Providing opportunities for block play is a great way to build skills that we ordinarily think of as academic or school related. Blocks are especially beneficial when children are allowed to freely explore and manipulate the blocks in a variety of engaging ways. Famed architect Frank Lloyd Wright agrees. In his autobiography, he credited block play as the beginning of his interest in architecture.
Socially -- Blocks encourage children to make friends and cooperate. Large block play may be a young child's first experience playing in a group, while small block play may encourage an older child to work with others in solving problems. Children's self expression and confidence in making decisions and choices are enhanced.
Physically -- When children reach for, lift, stack, or fit blocks together, they build strength in their fingers and hands, and they increase eye-hand coordination. Around two, children begin to understand which shapes will fit where, and they get a head start on understanding different perspectives -- skills that will help them to read maps and follow directions later. Blocks help kindergarten and primary grade children develop skills in design, representation, balance, and stability. Coordination develops so eyes, hands, small and large muscles will work effectively together.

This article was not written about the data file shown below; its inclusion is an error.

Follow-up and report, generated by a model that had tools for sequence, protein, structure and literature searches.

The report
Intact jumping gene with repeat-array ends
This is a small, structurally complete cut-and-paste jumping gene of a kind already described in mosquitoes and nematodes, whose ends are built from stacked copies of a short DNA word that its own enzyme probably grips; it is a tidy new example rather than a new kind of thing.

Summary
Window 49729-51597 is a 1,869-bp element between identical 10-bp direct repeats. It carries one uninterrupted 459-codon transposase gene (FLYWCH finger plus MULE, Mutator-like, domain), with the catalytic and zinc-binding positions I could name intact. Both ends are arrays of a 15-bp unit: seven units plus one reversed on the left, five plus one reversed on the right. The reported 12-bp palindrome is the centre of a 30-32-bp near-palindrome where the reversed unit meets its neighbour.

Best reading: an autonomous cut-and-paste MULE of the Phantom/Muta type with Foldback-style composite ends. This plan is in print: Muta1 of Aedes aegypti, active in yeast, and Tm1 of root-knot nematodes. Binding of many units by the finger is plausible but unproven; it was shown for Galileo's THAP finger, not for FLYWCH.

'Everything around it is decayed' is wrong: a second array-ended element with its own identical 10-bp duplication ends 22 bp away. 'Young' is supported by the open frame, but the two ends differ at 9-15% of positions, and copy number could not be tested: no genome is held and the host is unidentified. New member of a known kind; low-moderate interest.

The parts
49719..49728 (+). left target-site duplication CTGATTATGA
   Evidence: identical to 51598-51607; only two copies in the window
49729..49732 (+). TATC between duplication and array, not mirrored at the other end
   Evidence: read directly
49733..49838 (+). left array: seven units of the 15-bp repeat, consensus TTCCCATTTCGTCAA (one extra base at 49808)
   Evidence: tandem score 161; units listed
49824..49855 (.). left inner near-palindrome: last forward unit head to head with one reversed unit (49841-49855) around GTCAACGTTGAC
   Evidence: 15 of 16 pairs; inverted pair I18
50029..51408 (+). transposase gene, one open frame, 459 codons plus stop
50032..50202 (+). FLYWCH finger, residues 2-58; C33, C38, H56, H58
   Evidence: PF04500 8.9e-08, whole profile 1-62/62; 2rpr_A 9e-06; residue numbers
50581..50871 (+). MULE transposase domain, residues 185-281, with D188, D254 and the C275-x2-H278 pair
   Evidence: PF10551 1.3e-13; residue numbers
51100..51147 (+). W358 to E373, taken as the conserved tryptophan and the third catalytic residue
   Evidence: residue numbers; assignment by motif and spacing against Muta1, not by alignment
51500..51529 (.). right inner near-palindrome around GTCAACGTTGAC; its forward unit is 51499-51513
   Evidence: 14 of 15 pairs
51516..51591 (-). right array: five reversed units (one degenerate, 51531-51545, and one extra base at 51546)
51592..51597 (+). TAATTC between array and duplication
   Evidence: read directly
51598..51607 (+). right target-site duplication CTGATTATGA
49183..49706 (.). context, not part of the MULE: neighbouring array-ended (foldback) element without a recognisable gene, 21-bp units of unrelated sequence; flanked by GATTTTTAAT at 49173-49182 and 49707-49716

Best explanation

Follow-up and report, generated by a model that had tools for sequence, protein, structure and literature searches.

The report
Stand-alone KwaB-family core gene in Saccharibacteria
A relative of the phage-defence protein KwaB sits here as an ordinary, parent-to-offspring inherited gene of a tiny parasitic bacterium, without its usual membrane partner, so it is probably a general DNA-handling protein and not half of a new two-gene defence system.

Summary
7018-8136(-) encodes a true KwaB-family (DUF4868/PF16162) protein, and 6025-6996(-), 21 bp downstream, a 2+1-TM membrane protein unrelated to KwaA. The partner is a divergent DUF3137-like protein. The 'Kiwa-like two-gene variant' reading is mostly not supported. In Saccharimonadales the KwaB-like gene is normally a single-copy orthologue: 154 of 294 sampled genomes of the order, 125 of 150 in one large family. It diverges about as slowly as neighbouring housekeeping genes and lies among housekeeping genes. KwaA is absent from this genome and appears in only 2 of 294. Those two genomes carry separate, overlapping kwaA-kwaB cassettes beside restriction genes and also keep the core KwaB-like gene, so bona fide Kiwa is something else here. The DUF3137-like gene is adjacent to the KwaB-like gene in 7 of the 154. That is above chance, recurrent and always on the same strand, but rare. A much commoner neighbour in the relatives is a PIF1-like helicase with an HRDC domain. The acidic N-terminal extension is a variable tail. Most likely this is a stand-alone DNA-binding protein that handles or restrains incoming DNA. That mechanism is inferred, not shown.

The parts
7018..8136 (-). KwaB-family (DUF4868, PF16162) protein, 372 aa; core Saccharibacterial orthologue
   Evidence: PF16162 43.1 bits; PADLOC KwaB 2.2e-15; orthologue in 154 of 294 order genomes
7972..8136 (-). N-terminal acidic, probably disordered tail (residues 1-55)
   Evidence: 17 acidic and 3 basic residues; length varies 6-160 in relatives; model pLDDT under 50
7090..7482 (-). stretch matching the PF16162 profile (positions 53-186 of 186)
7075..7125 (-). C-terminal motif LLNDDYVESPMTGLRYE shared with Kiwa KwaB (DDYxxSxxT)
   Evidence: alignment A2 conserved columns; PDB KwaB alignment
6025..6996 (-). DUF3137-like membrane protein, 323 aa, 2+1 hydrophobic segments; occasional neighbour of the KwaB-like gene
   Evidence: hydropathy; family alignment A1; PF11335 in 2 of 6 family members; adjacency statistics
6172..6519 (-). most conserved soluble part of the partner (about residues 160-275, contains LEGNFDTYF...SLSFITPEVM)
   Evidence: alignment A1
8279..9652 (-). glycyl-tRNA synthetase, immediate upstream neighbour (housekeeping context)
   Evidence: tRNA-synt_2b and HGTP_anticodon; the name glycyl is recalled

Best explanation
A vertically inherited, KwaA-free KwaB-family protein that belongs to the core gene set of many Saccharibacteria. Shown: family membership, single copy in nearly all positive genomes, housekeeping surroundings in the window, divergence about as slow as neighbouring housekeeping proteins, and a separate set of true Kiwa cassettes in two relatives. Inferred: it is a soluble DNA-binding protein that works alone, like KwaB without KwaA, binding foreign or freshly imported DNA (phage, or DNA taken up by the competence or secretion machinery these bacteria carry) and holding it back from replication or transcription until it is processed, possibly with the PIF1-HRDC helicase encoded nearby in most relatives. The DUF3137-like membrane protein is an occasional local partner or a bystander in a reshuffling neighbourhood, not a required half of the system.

Intellectually -- Blocks help children learn across many academic subjects. Young children develop their vocabularies, language, and symbolic thought as they learn to describe sizes, shapes, lengths, weights, positions and spatial relationships. Preschoolers and kindergartners develop math skills by grouping, adding, subtracting and eventually multiplying with blocks. Designs and patterns gradually emerge. Older children make early experiments with gravity, balance, symmetry, and geometry. These science investigations provide a foundation for later science learning, particularly about determining cause & effect via experimentation.
Creatively -- Blocks offer children the chance to make their own designs and the satisfaction of creating structures that did not exist before. Beginning at the age of two, children may use a variety of blocks for pretend-play. Children may become life-sized actors in large block structures, or use figures to create dramas in miniature landscapes.
The Importance of Play!
The Importance of Play! Block Center
Why is the block center so important? This is a center that involves the whole child. There is physical attributes because of the actual process of picking up, carrying, and building of the blocks. There is the intellectual aspect because of the thought process going into the creation of the architecture. Then there is the social aspect because of conversing with neighbors, working around and with others, and building what they know. Finally the emotional aspect of creating something unique and beautiful. The block center is an open ended process. A child can't take the finished product home, so in a way it frees a child to "experiment, plan, change, negotiate, and enjoy without the pressure of an end product."
Stages of Play: